“Our people have suffered for long, many living without land and a few living on unregistered land. They have never enjoyed ownership of land. This new law, with the creation of the National Land Commission, will pave the way for them to become land owners,” he said.

With all these potential benefits, some experts have questioned why the formation of the commission has been delayed. Mr Lumumba Odenda, the chairman of the Land Alliance says:

“The minister of Lands had promised that the commission would be in place by February this year. He later said by the end of March. We now do not know when, but now that the law has been put in place, we expect it not later than June.”

He added that in last year’s budget, Treasury allocated Sh200 million for the formation of the commission and that the money was still lying idle.

Although the commission is expected to be independent, the mode of appointment of its members has raised concerns.

The part played by the Executive in the selection panel, according to Mr Mwathane, is likely to influence the appointments.

“It will depend on the goodwill of the Executive in coming up with the members of the selection panel that will appoint the members of the commission. The Executive can manipulate appointees, which means that the commission will cease to be independent,” said Mr Mwathane.

Another concern is the criteria for vetting staff at the Lands Ministry. Unlike in the Judiciary, where a team was set up to conduct the vetting, the Lands staff will be vetted by the commissioners.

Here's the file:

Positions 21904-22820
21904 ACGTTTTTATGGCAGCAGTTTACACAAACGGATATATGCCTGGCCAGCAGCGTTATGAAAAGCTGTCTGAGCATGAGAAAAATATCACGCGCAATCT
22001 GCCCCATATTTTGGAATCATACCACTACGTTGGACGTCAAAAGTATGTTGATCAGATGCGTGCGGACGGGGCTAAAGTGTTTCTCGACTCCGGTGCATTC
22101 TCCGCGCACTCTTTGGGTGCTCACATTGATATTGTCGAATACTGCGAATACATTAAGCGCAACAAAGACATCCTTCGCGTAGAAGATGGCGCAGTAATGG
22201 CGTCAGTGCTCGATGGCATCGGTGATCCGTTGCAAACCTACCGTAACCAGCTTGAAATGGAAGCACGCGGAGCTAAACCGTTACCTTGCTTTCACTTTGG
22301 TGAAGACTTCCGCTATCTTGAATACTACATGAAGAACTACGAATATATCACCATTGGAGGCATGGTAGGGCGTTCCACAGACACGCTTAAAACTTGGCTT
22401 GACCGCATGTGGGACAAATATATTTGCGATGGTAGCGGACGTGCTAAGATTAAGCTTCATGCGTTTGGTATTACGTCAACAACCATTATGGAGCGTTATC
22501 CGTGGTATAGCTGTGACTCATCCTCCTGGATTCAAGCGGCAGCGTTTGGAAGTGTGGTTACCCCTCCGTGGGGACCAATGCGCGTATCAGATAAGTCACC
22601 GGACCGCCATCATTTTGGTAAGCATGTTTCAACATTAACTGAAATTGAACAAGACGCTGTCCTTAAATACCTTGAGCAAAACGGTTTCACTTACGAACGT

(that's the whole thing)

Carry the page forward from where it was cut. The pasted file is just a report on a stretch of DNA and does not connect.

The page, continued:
“There is no clarity on who will go and who will remain, meaning that the commissioners may end up retaining the same staff, thus maintaining the status quo at the ministry, which has a lot of rot,” said Mr Mwathane.

Concerning the Land Registration Act, Mr Odenda said its biggest undoing was the retention of land registration powers in the hands of the Ministry of Lands.

“The registration of land should have automatically shifted to the commission to ensure harmony in the running of land issues, otherwise it weakens the powers of the commission over land management,” Mr Odenda says.

On his part, Mr Mwathane said the Act would bring harmony and civility into land registration by bringing together five land registration Acts into one, and removing the responsibility of registration from the commission and retaining it under an independent chief registrar of lands.

He added that the commission would introduce the fundamental shift in land administration, which includes shifting the powers to allocate public land from the President and the commissioner of lands to an independent body.

The Land Act, which will overhaul and streamline land management, has come under sharp criticism from a section of the civil society, which argues that it contravenes the Constitution and the National Land Policy.

The civil society insists that whereas the Act covers the allocation and management of public land and the administration of private lands, it has left out community land and is silent on the various forms of land tenure and the rights accruing in respect of each of those tenure systems.

But Mr Odenda said the laws guarantee the realisation of the National Land Policy. “The law will ensure the proper management and coordination of land and natural resources, thereby solving one of the biggest challenges in Kenya”.

The challenge for the country, he says, is to ensure that the laws are implemented and respected.

“After the laws were passed, what remains is for us to ensure that they are enforced, otherwise they will become a nuisance. In Kenya, the problem is not the lack of laws, but the absolute disregard for them,” he said.